Secondary Logo

Journal Logo

Institutional members access full text with Ovid®

Add-on benzodiazepines for psychosis-induced aggression

Baranchik, Stanislava,,b,,*; Stryjer, Rafaela,,b,,*; Weizman, Abrahamb,,c; Shelef, Assafa,,b

International Clinical Psychopharmacology: May 2019 - Volume 34 - Issue 3 - p 119–123
doi: 10.1097/YIC.0000000000000254
Original Articles

In severely psychotic, violent patients, add-on benzodiazepines are often prescribed with antipsychotic agents. We examined aggression, suicidality, and self-harm among psychotic patients treated with antipsychotic monotherapy, compared with those treated with add-on benzodiazepines, during the first 2 weeks of psychiatric hospitalization to clarify the association of add-on benzodiazepines and aggression. Electronic medical records of 400 patients consecutively admitted to Abarbanel Mental Health Center from 2012 to 2014 for psychosis, and remained hospitalized for at least 2 weeks were evaluated. Violence toward staff, patients, and property, physical restraints, seclusion, self-harm, and suicidal thoughts, were examined. Falls and referrals to general hospital indicated adverse medication effects, and were recorded. No significant between-group differences were found for sex, age, psychiatric diagnosis, compulsory admissions, antipsychotic dosages, number of previous hospitalizations, or hospitalization days were detected. Maximum dosage for antipsychotics in the monotherapy group did not reveal a statistically significant difference from the add-on benzodiazepine group (2.2 ± 1.4 vs. 2.2 ± 1.3, respectively), expressed in defined daily dose. There were no between-group differences in frequency of any violent event, incidence of self-harm, suicidal thoughts, frequency of falls, and/or referrals to a general hospital. Addition of benzodiazepines might be unnecessary. Benzodiazepine addition to antipsychotic drugs for patients with severe psychosis should be with caution.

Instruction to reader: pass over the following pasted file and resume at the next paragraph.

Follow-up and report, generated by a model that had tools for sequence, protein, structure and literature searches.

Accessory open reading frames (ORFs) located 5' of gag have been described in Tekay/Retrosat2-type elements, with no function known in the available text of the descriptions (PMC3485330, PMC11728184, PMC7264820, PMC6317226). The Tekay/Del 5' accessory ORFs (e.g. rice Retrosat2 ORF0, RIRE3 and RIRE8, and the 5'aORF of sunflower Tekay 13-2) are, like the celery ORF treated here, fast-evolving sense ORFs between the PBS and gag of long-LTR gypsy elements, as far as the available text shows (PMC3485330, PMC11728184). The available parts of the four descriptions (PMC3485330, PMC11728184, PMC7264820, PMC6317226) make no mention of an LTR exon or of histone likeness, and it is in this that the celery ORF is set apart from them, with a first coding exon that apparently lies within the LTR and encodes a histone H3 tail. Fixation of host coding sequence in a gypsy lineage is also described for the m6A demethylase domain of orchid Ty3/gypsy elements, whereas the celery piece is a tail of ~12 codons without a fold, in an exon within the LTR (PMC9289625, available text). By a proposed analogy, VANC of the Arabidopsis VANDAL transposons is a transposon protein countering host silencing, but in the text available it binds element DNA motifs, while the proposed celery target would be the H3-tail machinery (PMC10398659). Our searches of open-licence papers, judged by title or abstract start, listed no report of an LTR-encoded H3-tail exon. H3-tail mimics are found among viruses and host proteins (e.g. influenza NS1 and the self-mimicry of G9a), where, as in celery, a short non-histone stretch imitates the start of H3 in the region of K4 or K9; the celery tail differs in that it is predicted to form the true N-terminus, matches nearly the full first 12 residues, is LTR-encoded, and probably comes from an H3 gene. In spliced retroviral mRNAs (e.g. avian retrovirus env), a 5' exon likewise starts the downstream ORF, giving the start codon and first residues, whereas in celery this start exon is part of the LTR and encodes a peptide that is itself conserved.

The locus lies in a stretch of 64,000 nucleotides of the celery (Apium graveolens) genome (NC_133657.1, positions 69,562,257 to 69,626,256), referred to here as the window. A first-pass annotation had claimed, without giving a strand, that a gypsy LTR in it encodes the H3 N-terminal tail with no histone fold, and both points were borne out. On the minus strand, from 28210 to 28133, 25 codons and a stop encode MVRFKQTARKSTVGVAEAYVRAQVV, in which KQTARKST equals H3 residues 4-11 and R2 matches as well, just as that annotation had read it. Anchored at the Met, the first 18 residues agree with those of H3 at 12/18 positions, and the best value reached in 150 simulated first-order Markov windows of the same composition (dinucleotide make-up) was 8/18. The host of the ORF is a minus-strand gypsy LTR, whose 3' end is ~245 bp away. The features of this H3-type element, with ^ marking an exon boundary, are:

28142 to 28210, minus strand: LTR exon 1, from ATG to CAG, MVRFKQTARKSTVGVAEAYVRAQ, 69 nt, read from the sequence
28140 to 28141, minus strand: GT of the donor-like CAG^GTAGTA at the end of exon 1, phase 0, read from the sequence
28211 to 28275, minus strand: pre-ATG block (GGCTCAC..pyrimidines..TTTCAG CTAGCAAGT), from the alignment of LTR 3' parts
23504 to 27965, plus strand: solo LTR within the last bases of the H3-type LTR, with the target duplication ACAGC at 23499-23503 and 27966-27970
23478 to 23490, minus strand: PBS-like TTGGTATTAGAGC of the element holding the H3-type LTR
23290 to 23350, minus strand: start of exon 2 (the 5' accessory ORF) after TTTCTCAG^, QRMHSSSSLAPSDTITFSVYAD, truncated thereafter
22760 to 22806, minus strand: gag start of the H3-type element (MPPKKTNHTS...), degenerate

aAbarbanel Mental Health Center, Bat-Yam

bSackler Faculty of Medicine, Tel-Aviv University, Tel-Aviv

cGeha Mental Health Center, Felsenstein Medical Research Center, Petah Tiqva, Israel

*Stanislav Baranchik and Rafael Stryjer contributed equally to the writing of this article.

Received 5 January 2019 Accepted 6 February 2019

Correspondence to Assaf Shelef, MD, MHA, Abarbanel Mental Health Center, 15 KKL Street, Bat-Yam 59100, Israel, Tel: + 972 3555 2783; fax: +972 3658 3503; e-mail:

Copyright © 2019 Wolters Kluwer Health, Inc. All rights reserved.